A recent survey from employment and labor law firm Littler found that 71% of U.S. employers currently operate hybrid work arrangements in 2023, with just 16% of surveyed companies requiring in-person work. However, many companies that have chosen to embrace hybrid work in the long term are pairing it with stricter in-person requirements.
Nearly half (48%) of surveyed organizations plan to reduce remote work schedules by requiring more time on-site, at least to a small extent; 39% plan to keep work schedules the same; and 12% of organizations offer more flexibility and remote work options.
Current State of Remote and Hybrid Work
Remote and hybrid work remains widely popular among employees, with 93% of surveyed employees saying flexibility was top of mind in their current job situation, according to a recent report from iCIMS. More than half (63%) of respondents said their primary consideration in accepting a position was whether it was remote, hybrid or in-person, and 42% of remote employees said they would look for other jobs if their employer refused to provide long-term remote options.
Organizations may leverage job flexibility to combat high employee turnover and gain a competitive advantage in the hiring market. But not all employees want to work remotely.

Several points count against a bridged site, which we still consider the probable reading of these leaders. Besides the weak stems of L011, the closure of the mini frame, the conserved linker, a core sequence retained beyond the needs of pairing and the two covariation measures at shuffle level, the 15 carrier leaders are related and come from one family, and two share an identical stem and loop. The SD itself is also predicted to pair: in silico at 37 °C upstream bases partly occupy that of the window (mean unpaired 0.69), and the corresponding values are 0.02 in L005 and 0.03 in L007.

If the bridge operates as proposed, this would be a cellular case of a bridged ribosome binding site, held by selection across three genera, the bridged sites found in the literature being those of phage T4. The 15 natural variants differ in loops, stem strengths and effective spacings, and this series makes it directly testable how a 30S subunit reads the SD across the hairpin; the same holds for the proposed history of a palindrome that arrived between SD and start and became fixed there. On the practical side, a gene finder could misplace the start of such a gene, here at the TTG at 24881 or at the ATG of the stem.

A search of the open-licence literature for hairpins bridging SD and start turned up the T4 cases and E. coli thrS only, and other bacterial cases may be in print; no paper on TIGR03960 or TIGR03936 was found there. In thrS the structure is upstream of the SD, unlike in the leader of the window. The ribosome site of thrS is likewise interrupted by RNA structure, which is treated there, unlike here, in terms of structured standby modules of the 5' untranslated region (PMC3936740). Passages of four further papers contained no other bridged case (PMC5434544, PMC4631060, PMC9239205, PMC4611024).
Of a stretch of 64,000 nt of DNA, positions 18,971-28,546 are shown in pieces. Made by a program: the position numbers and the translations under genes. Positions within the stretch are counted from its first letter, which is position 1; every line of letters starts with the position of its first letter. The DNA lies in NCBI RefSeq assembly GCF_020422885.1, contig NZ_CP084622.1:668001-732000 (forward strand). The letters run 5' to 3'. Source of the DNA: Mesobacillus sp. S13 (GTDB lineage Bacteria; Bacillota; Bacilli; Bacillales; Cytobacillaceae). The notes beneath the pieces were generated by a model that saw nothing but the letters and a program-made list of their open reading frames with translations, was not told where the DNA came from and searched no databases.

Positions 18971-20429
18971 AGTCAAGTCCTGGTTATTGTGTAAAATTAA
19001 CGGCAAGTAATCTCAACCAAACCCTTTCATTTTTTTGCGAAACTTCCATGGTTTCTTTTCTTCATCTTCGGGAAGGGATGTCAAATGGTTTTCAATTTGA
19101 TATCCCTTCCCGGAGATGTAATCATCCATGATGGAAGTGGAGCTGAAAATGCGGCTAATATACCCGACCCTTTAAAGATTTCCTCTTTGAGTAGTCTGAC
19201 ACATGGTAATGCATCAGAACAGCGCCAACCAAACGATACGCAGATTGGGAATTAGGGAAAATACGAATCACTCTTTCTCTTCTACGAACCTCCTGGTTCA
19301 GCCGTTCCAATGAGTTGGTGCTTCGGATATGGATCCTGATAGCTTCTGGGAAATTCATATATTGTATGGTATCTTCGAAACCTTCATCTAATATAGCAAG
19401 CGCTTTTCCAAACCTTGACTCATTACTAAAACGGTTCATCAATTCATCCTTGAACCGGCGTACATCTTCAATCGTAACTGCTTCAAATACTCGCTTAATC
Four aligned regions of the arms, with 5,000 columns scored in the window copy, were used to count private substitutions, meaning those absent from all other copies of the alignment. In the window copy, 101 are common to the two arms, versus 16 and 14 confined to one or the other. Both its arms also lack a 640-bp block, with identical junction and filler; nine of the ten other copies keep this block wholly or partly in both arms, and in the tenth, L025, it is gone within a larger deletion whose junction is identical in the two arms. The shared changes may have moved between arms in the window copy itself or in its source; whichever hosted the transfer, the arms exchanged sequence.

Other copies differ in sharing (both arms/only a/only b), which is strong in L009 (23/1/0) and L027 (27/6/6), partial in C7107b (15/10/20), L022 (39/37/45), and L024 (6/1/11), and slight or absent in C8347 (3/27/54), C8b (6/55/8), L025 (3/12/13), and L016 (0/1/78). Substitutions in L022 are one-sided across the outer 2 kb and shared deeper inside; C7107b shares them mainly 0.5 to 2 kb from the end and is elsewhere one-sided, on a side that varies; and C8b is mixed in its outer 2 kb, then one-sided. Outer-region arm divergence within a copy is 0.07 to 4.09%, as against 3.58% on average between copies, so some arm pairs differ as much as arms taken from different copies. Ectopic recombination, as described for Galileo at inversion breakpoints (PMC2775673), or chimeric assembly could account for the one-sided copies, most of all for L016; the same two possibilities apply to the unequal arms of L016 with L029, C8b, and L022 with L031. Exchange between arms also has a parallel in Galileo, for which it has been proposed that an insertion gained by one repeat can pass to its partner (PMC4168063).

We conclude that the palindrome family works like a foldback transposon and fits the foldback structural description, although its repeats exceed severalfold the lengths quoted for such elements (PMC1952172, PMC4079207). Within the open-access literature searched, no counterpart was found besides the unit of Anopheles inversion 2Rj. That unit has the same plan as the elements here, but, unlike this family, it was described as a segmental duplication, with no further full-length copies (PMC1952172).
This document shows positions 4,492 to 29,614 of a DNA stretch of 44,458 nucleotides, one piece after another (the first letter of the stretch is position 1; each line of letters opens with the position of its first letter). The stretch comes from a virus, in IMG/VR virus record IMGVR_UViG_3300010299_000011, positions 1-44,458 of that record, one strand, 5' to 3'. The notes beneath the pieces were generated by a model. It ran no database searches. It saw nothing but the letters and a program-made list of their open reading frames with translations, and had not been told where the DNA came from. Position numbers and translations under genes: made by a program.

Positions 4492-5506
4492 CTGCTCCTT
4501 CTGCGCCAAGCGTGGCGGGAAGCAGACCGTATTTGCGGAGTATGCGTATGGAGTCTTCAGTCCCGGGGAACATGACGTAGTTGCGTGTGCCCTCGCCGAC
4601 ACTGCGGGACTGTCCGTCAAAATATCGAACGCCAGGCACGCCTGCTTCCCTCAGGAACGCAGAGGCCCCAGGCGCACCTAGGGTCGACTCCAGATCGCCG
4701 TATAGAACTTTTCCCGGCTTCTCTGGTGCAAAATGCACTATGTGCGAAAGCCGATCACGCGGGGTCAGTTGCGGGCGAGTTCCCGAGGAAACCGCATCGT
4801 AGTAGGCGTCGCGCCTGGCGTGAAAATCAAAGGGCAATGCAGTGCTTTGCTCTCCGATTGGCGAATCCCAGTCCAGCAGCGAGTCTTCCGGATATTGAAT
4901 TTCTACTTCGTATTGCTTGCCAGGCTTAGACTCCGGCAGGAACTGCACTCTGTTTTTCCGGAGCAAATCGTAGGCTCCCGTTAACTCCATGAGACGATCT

“The persistently low U.S. unemployment rate and staffing shortages across several industries may still be giving American workers more leverage to push for hybrid work arrangements,”according to law firm Littler Mendelson.
In the 2021 Pulse of the American Workforce Survey, 41% of employees said they wouldn’t want to work for a fully remote company. Survey respondents cited feelings of disconnect and pressure to be always online as primary issues with fully remote models. Many (54%) reported taking less time off, and 35% said they worked longer hours.
Poorly executed hybrid models can also frustrate or confuse employees. A recent survey by Gartner, a consulting firm, found that employees were 12% more likely to leave hybrid positions if their employers didn’t establish explicit workplace norms.
Read: 5 Hybrid Work Model Mistakes to Avoid
Employers should continue to monitor workforce trends and employee desires when determining the proper arrangements for their organization.